Research conducted by Fair Trials found that lawyers play a key role in limiting the excessive use of pre-trial detention. European Law grants anyone accused of a crime the right to legal assistance. However, in practice, lawyers typically face serious obstacles in defending their clients effectively. Some of the barriers encountered are the lack of time and confidentiality, the difficulty in accessing files, and the inability to have an interpreter.(9)

 

In most cases, defence lawyers are appointed to detainees at the last minute which means meeting for the first time on the morning of the pre-trial detention hearing. They do not have enough time to study the case and talk with the individual that they are representing. In some instances, this results in the lawyer and detainee meeting for the first time in the hall of the court before the hearing.

 

Confidentiality is another issue encountered in the implementation of the law. It is crucial that consultations are confidential to enable the lawyer to effectively prepare the defence and participate in the decision-making process of applicable precautionary measures. However, in many cases, this meeting between lawyer and client takes place in the presence of a police officer.(10)

 

Additionally, lawyers’ abilities to access case files as quickly as possible to develop a defence strategy and challenge pre-trial detention are impeded in practice. Despite this being stipulated by law, many European states violate this right by permitting prosecutors to refuse access to the file or by not properly addressing administrative obstacles.

 

Transparency regarding why a person has been arrested and their rights are basic principles under EU law.(11) Furthermore, the access to an interpreter during this process is a recognised right. However, in many Member States, information about the case is only communicated in the country’s official language, or, alternatively in English. In practice, there are many difficulties in accessing interpretation services during the pre-trial stage. It is not abnormal for lawyers to rely on other detainees to help with interpretation due to these challenges.(12)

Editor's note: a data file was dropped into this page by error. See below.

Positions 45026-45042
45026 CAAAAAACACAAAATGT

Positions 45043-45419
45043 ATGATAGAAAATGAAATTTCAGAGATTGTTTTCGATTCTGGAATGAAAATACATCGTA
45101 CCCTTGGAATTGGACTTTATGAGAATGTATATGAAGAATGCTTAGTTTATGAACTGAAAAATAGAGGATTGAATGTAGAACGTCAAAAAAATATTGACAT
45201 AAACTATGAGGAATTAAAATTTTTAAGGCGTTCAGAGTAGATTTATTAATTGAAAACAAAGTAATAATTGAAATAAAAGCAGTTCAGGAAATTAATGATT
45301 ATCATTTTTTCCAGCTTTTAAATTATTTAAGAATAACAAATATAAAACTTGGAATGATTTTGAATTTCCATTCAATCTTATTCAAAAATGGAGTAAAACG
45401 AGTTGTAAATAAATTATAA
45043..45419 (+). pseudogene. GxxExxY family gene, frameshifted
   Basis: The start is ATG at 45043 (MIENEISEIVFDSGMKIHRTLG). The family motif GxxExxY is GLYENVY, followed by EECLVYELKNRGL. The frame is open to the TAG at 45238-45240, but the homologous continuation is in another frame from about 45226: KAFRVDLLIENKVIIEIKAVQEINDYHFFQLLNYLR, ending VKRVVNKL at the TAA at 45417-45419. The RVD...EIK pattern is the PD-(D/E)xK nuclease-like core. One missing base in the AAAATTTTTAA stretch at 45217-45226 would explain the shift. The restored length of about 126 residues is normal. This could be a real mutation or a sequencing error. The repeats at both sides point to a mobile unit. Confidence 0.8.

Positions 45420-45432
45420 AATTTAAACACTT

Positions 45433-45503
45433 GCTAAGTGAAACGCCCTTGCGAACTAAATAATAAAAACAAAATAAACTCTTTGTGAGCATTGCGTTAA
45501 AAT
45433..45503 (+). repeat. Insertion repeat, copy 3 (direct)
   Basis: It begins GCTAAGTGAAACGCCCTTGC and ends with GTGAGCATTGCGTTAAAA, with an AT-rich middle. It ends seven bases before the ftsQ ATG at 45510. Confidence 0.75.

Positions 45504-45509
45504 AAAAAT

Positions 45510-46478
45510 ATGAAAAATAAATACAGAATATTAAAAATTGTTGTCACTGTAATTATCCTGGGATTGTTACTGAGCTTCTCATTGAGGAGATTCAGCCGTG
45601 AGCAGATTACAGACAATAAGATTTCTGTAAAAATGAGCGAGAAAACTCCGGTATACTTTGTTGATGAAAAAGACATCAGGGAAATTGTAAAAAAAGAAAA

The six directives mentioned above provide safeguards such as allowing an effective defence during the pre-trial detention phase. It is clear that more action is required and that Member States should allocate more resources into the implementation of EU standards. If lawyers are better equipped and able to effectively defend their clients, then the number of pre-trial detention orders would decrease.

 

Nevertheless, even if the directives and existing safeguards were fully implemented, ‘it would not provide a complete answer to the overuse of pre-trial detention across the EU’. Fair Trials recommends that the EU creates binding legislation directly addressing pre-trial detention so its utilization could become a true measure of last resort.